Hybridization of plants to suit the whims of gardeners has resulted in the proliferation of plants that lack both the nectar and pollen necessary for bees and butterflies. Add to this the catastrophic impact of genetically modified crops, herbicides, and pesticides, and we are today faced with a global food crisis that, if not corrected, will not only result in widespread famine but also the loss of fruit, vegetable, and nuts for consumption by humans and others, leaving us to forage on grains.
Be sure to put water near the plants so the pollinators have enough to drink and make sure the water is not too deep or treacherous so that our winged cousins have safe places to land while drinking. Do not water the flowers themselves, but supply the water the plants need at the base of the plant, near the soil.
Bearsfoot is a Native American remedy, used sometimes as a hair tonic or ointment for swollen glands, including complications of malaria. The root can also be taken internally for mastitis and other non-malignant growths. The plants flower in September and are pollinated by insects. It is a good "seva" plant because butterflies love it and birds eat the seeds. Bearsfoot is a perennial and though usually smaller can grow to 8-9 feet in height.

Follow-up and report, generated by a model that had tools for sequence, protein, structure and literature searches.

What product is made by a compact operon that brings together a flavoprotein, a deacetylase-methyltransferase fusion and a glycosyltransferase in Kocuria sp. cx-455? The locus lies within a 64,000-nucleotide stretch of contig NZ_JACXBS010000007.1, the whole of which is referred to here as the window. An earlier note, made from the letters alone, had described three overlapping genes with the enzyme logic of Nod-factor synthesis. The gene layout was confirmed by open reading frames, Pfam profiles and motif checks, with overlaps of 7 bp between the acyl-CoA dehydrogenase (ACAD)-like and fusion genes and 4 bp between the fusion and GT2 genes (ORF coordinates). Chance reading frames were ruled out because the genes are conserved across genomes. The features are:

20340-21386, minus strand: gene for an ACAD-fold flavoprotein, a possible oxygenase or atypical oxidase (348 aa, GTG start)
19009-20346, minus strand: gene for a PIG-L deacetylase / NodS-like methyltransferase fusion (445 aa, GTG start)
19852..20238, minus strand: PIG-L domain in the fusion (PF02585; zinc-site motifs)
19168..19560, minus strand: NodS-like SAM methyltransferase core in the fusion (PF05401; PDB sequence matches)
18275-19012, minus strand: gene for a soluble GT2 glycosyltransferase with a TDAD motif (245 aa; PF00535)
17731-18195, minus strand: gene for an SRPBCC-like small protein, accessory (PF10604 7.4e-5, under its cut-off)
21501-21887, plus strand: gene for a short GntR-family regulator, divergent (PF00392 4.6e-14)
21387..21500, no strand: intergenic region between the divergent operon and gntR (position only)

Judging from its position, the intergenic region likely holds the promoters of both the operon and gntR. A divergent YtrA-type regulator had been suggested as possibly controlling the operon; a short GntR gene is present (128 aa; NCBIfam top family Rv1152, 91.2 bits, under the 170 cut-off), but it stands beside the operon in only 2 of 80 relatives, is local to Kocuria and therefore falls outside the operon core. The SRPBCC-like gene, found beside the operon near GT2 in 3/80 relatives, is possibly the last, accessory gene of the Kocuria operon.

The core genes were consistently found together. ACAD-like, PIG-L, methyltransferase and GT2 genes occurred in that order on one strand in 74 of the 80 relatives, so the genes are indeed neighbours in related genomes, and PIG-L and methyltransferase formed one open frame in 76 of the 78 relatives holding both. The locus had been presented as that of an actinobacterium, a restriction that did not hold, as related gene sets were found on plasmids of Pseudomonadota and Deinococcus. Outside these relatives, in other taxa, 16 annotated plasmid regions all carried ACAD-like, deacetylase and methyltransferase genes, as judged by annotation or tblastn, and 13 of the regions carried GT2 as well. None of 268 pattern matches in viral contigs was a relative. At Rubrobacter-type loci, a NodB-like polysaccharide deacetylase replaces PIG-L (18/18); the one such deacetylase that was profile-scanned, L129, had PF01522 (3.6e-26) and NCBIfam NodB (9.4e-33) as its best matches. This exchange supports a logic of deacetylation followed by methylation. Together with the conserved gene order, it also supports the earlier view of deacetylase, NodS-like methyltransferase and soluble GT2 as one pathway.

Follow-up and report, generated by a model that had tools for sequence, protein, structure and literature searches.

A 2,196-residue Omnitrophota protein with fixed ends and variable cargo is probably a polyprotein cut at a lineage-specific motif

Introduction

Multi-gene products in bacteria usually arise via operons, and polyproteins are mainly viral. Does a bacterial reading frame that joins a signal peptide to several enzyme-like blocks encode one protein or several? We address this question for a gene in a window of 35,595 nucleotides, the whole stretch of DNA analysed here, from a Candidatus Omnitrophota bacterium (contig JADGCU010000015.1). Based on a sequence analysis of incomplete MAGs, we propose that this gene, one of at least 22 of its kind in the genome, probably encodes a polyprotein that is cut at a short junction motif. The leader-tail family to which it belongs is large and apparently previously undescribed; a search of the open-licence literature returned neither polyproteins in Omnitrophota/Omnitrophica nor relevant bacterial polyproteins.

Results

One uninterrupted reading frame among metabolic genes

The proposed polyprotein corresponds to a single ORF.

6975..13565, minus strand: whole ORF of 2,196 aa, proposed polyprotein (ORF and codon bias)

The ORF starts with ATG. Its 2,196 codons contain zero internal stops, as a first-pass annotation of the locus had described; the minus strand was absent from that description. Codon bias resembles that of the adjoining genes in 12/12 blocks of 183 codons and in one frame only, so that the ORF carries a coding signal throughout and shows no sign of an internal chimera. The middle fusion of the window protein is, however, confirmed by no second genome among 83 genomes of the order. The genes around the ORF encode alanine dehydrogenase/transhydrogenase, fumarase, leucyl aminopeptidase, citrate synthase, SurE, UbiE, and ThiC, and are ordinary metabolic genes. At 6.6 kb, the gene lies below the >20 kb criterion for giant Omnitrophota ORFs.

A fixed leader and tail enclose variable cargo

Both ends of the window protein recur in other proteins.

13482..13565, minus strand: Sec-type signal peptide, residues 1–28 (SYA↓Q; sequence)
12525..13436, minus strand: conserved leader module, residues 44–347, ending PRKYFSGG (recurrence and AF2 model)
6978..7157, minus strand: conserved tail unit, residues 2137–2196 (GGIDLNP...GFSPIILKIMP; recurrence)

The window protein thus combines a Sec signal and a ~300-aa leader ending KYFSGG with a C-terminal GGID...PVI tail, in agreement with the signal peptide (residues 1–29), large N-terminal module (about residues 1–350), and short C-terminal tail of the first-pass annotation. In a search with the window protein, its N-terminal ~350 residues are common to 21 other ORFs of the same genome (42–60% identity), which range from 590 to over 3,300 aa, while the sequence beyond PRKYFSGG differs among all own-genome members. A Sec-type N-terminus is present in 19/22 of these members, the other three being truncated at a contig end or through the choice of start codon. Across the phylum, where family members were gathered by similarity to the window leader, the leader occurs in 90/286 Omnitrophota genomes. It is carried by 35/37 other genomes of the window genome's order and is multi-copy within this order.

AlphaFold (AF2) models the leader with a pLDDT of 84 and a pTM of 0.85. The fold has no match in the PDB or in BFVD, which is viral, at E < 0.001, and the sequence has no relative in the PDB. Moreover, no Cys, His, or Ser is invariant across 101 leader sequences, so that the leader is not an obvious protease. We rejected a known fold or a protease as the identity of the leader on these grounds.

This edible persimmon is native to the Eastern U.S. and hardy to minus 25 degrees Fahrenheit. Like most persimmons, the fruit is astringent until ripe and marvelous once ripe. It has beautiful bell-shaped flowers that are beloved by pollinators, especially honey bees. The trees can grow 50 feet tall but since they do not branch out, they can be planted 20 feet apart. The seeds should be planted one inch deep in gallon pots shortly after receiving them.
These sunflowers are the type preferred by birds as well as for expressing oil. They grow about five feet tall and beans can be planted between them as the beans will run up the stalks of the sunflowers. This variety produces a very large seed head that matures in 60 days. Sunflower can also be used to detoxify soil, including reducing the radioactivity from exposure to nuclear hazards.